Updated: Aug 27, 2019
Everyone, and I mean, everyone has a gift. I spend a lot of time around those with special needs. I teach adults with disabilities at a community college. Many of these adults are people who have autism, down syndrome, cerebral palsy or some other genetic disorder. The students are supposed to have, at least, a 3rd grade reading level. Many do, but some do not. Most, as you probably realize, have many differing needs. And sometimes, it’s challenging to differentiate for everyone. I teach entrepreneurship. So, imagine teaching 7 adults with varying disabilities about opening their own business. Furthermore, understand that this is foreign content. I’m teaching about costs and profit and marketing to a room full of people who, for the most part, have never heard these terms before. I’m using visuals, simplifying terms, speaking in explicit, shorter sentences. This...is...not...an...easy...task!
While I’ve enjoyed teaching this class, I have learned way more from these amazing people than I could ever teach them. One of the lessons I’ve learned is that we all have a gift. And, although, that may sound cliche, I’m learning that it is truth.
One of my students should not have been allowed in the class. His reading ability is low and he is quite impacted by autism. He raises his hand about every 43 seconds and says, “Chris, Chris, I have a question.” He then proceeds to share, not a question, but a statement, sometimes on topic, sometimes a random fact that he knows or something about himself. This young man is just delightful. He often talks about the piano. The aide in the room had shared that she knew he played the piano quite well. Since I had not heard him play, “quite well” is subjective. At our last class, I asked him if he was able to sing also. This young man, who could only string short, staccato sentences together, stood up and sang the most beautiful version of Blessed Be Your Name. I stood in awe. I was a little bit ashamed, too, because I probably wouldn’t have guessed, based on outward appearances, that he had the ability to belt out such fluid lyrics with such grace. A gift.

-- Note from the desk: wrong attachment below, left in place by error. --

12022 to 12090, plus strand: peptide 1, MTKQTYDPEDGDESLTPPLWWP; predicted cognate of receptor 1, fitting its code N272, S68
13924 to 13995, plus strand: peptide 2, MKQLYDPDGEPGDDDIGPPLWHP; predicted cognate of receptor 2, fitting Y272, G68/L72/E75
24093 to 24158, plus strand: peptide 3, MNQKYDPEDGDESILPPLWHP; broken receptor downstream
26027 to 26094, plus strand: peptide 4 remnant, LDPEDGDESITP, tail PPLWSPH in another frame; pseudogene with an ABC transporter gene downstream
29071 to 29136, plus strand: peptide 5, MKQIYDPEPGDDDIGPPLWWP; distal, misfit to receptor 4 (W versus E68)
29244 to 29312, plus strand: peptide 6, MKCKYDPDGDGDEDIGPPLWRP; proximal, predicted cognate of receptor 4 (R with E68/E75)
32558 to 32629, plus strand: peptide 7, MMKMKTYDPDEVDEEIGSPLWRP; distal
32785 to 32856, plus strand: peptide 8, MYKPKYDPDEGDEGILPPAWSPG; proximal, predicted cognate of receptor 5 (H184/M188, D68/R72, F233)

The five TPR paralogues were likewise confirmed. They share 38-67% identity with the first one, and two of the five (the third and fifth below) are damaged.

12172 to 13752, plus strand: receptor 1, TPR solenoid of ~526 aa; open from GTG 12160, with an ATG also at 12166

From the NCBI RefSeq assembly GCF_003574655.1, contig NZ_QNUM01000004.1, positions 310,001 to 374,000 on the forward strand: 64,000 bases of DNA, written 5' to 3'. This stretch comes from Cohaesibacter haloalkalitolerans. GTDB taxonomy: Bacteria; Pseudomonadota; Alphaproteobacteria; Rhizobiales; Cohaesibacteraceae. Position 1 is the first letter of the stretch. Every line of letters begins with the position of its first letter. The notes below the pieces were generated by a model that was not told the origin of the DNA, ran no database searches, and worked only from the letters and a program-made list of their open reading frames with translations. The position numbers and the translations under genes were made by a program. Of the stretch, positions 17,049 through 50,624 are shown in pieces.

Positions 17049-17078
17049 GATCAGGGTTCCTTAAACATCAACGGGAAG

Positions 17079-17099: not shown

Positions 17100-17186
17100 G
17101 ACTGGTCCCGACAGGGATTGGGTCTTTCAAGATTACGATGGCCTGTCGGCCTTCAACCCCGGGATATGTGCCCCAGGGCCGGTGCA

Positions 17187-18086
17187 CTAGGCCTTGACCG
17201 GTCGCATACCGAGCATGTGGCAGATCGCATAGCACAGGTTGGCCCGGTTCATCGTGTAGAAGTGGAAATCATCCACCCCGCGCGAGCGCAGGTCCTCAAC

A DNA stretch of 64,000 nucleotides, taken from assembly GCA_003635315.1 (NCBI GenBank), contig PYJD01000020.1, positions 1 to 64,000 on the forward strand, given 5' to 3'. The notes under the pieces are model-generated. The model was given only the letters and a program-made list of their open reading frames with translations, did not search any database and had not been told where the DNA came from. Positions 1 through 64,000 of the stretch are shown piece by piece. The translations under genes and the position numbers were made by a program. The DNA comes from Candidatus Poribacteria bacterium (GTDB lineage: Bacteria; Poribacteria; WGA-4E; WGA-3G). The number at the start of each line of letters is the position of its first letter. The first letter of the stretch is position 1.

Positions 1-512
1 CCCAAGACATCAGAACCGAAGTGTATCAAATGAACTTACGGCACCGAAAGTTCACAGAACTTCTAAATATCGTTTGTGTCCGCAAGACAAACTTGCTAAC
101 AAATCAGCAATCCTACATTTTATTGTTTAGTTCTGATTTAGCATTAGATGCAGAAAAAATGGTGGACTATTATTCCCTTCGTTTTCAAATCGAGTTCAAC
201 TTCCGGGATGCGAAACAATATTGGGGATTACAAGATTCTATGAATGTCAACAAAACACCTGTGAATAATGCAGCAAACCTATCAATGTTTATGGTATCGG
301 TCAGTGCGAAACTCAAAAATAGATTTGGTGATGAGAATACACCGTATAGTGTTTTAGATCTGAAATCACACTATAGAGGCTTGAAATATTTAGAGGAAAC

I have another student. He is bound to a wheelchair and has cerebral palsy. His body is contorted and twisted and from appearances, even lifting his head upright is a feat. His speech is very poor and he is hard to understand. I typically only catch a word here or there and try to string them together to figure out what he is saying. I wasn’t sure of his abilities, since he was new to the program. During our second class, I was teaching the word “marketing”. I had broken the definition down to a simple explanation that marketing is simply letting people know about our business. At some point, this young man raised his hand as high as he could and I called on him. He asked me a question and all I could hear was the letter P. I looked toward his caregiver for help. You’re not gonna believe what he was trying to ask me. He wanted to know if I was going to be teaching about the 4 P’s of marketing. I was a bit floored. I asked how he knew about the 4 P’s and he shared that he learned about them in his economics course in high school. He also wanted to know how PBS and other non-profits stayed in business and how Nickelodeon structured their organizations and many brands. For the record, I had not planned to delve into the 4 P’s of marketing, but, to my defense, I didn’t expect to have a Seth Godin follower in my class! But, he officially knocked me off my feet when he asked me the best platform to publish his book. Um, what? Apparently, he’s an avid writer who is also a history buff and enjoys comparing the leadership characteristics of the U.S. Presidents, particularly those who came just before, during and post war. A gift.